WORKER RESPONSES TO SHIRKING UNDER SHARED CAPITALISM
Group incentive systems have to overcome the free rider or 1/N problem, which gives workers an incentive to shirk, if they are to succeed. This paper uses new questions on responses to shirking from the General Social Survey and a special NBER survey of workers at over 300 worksites in 14 companies that have some form of group incentive pay to examine how well workers can monitor their peers and what they do when the peers are not working up to speed. The paper finds that: 1) most workers say that they can detect fellow employees who shirk; 2) many report that they would speak to the shirker or report the behavior or a supervisor, and many report that they did so in the past; 3) the proportion that takes action against shirkers is greatest among workers paid under group incentive systems, in smaller companies, and in companies with good employee-management relations; 4) group incentives interact with high-performance human resource policies such as employee involvement teams, training, task variety, low levels of supervision, and good fixed wages to induce more workers to act against shirking; 5) workers in workplaces where there is more anti-shirking behavior report that co-workers work harder, encourage other workers more, and report that their workplace facility is more effective in ways that should raise productivity and profits.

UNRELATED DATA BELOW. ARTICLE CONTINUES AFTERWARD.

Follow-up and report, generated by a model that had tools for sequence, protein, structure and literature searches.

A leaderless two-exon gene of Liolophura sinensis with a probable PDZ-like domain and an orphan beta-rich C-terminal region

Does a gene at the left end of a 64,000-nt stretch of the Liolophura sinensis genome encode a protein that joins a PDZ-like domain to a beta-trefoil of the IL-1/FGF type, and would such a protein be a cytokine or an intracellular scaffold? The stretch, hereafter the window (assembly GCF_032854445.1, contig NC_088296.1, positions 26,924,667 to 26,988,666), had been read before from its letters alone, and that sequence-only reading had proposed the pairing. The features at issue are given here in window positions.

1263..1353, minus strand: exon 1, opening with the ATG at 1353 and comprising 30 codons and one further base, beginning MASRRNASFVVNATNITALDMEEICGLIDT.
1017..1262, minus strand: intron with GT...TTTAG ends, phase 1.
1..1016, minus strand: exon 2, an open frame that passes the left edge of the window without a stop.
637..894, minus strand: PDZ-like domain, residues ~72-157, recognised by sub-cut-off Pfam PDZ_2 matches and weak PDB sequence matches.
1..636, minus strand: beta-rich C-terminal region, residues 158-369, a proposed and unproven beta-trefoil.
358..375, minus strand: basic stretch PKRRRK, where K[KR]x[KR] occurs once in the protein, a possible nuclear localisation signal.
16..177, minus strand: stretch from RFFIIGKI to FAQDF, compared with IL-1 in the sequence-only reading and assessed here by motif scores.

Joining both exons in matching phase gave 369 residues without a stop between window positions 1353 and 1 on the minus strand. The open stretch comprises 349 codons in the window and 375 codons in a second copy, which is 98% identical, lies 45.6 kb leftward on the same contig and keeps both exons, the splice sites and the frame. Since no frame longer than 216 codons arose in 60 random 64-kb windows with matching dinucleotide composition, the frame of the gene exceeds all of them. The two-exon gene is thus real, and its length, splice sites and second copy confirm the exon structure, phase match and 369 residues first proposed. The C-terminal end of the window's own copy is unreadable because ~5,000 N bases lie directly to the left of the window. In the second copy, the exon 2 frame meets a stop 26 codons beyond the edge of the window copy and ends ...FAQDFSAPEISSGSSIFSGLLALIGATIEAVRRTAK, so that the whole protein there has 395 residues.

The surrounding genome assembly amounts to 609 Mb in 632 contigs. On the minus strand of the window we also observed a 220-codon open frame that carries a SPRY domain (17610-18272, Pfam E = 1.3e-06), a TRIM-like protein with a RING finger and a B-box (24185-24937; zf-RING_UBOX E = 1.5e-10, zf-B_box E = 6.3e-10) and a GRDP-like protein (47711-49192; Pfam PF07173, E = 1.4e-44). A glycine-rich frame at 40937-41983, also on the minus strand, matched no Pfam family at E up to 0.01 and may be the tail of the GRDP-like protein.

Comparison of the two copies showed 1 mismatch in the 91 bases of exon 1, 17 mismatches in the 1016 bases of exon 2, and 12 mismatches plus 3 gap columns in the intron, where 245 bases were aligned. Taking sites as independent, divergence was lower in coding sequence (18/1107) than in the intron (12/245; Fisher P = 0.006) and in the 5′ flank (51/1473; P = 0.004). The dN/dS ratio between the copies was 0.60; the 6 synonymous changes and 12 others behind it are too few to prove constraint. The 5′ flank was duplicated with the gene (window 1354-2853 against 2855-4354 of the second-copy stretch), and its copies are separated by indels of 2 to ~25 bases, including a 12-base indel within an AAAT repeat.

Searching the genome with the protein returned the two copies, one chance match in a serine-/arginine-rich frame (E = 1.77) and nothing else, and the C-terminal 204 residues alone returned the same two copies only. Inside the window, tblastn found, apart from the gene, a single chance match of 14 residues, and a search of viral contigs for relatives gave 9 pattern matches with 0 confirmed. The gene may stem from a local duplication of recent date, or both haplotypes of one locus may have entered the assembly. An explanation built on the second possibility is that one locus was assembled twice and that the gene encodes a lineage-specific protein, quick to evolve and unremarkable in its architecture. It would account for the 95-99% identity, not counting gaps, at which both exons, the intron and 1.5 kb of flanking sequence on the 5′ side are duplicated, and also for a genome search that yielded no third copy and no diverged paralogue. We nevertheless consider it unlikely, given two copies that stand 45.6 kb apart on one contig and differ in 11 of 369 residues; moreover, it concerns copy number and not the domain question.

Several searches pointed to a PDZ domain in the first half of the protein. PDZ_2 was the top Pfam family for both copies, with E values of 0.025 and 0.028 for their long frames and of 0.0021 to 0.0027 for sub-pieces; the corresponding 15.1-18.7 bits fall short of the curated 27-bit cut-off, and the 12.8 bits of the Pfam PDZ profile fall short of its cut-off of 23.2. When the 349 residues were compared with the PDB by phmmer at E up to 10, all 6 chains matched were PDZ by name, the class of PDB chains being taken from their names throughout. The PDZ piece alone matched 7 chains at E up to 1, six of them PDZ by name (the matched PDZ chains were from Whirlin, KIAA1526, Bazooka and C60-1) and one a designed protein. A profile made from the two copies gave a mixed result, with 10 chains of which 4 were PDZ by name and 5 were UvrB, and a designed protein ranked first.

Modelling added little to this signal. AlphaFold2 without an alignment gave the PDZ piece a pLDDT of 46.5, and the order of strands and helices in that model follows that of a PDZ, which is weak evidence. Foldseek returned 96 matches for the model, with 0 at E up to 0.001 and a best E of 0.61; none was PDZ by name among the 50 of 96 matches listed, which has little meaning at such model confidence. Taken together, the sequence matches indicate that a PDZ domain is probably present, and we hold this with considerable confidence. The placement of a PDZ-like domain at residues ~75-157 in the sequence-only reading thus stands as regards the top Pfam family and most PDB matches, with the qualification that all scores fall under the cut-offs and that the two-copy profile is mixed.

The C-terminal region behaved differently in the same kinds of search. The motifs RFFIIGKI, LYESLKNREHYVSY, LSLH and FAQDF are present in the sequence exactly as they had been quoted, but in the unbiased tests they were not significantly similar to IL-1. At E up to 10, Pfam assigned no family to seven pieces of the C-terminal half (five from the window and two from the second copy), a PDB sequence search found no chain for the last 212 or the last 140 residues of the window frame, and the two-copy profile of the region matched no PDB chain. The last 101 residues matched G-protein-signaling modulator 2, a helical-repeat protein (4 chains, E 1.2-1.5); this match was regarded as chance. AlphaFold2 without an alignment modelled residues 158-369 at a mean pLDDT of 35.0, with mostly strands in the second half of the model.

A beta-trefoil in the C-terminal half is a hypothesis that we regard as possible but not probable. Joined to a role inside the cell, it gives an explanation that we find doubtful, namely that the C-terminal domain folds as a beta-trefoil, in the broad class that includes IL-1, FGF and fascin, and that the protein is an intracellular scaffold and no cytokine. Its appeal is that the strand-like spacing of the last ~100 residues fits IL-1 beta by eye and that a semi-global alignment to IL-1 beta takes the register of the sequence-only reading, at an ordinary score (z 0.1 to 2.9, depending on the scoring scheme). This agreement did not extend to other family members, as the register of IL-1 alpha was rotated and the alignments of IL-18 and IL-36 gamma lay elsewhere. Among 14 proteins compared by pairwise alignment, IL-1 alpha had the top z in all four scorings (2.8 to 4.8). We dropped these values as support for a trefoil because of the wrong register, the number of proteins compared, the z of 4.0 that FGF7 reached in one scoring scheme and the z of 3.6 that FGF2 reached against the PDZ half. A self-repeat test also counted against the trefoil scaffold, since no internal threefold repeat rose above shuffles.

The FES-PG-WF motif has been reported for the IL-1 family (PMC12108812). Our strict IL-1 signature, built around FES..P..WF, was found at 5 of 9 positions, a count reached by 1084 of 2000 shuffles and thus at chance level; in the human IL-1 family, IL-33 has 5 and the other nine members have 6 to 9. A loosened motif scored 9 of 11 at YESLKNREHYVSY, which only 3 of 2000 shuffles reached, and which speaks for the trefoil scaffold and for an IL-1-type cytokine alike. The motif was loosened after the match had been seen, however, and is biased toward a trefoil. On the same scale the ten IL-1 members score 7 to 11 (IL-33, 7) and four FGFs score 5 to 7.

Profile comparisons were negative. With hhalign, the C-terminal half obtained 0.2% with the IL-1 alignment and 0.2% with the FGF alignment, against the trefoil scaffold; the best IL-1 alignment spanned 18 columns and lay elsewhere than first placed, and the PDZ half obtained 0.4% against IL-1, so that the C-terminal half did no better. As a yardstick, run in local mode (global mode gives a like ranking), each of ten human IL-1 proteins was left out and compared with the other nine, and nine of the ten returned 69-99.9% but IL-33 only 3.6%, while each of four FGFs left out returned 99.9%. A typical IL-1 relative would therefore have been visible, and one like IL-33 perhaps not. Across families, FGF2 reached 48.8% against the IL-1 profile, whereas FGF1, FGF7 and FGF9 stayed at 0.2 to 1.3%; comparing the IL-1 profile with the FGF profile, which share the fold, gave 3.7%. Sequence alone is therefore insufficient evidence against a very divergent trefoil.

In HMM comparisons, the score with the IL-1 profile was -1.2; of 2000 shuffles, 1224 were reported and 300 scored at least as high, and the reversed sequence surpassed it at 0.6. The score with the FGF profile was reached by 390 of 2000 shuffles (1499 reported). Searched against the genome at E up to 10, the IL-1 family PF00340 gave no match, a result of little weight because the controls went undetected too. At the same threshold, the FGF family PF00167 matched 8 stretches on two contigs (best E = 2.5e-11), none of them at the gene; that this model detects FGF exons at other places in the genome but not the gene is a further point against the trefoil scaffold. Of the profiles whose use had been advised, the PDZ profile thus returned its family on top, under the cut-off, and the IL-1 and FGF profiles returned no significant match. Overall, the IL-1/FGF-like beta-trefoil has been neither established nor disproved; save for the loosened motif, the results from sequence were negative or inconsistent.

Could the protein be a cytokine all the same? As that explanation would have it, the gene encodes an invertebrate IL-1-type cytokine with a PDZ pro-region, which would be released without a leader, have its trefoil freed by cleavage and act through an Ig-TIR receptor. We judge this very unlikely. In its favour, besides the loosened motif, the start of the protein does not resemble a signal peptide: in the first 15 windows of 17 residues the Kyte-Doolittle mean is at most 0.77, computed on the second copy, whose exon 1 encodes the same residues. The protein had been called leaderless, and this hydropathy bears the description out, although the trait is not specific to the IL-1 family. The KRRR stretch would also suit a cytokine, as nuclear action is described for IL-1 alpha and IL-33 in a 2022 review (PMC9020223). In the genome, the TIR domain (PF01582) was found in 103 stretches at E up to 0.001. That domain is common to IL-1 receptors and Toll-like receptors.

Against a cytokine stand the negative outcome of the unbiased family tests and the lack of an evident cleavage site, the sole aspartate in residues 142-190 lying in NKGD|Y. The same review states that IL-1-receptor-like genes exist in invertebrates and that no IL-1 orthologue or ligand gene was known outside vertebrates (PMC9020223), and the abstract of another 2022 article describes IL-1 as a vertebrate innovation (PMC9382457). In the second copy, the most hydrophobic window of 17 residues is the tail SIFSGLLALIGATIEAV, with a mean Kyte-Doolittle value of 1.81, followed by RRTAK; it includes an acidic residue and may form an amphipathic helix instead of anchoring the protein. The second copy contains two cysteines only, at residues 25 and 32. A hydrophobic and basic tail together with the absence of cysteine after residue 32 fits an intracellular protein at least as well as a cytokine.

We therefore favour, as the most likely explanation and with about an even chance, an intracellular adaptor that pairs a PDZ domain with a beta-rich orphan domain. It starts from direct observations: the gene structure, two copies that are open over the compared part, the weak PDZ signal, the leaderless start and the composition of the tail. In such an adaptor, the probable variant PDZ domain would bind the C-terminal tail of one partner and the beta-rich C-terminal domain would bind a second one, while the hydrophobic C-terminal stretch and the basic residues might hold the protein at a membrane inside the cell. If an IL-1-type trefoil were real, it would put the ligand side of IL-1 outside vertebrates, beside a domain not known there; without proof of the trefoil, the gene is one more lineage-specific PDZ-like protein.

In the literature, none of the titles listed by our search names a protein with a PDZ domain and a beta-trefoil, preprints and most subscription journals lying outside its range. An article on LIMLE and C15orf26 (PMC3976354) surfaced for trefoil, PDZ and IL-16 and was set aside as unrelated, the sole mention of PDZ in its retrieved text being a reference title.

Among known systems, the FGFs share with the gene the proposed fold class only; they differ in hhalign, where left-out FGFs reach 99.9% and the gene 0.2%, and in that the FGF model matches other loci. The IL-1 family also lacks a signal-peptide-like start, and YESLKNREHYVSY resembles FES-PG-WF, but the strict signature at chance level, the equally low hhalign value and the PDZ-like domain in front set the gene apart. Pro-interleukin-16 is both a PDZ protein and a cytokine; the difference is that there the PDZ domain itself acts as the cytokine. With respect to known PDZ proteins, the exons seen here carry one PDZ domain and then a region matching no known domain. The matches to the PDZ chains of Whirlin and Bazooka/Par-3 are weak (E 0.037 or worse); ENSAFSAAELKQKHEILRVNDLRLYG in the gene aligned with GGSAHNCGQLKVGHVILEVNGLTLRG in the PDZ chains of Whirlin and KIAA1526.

Presented at the Russell Sage/NBER conference in New York City, October 2006, and at the M.I.T. Sloan School of Management, November 2007. The authors wish to thank Eric Maskin and Canice Prendergast for comments on the paper at the Russell Sage/NBER conference. The discussion and footnotes in response to possible objections represent our responses to his very helpful points. An earlier version was presented at the 2004 Association for Comparative Economic Studies conference, San Diego, CA, with valuable comments from Avner Ben-Ner. This paper is part of the National Bureau of Economic Research?s Shared Capitalism Research Project, funded by the Russell Sage and Rockefeller Foundations. Additional funding for the General Social Survey questions was provided by the Beyster Institute for Entrepreneurial Employee Ownership, the ESOP Association, the Employee Ownership Foundation, Hewitt Associates, the National Center for Employee Ownership, and the Profit Sharing Council of America. The authors wish to thank Tom Smith with the General Social Survey at the National Opinion Research Center of the University of Chicago and Peter Marsden of Harvard University with the National Organizations Study for their assistance in arranging the shared capitalism segment of both surveys. Refen Koh, Michelle Pinheiro, Rhokeun Park, and Patricia Berhau provided excellent assistance in survey scanning, entry, and verification. The views expressed herein are those of the author(s) and do not necessarily reflect the views of the National Bureau of Economic Research.
Worker Responses to Shirking under Shared Capitalism, Richard B. Freeman, Douglas L. Kruse, Joseph R. Blasi. in Shared Capitalism at Work: Employee Ownership, Profit and Gain Sharing, and Broad-based Stock Options , Kruse, Freeman, and Blasi. 2010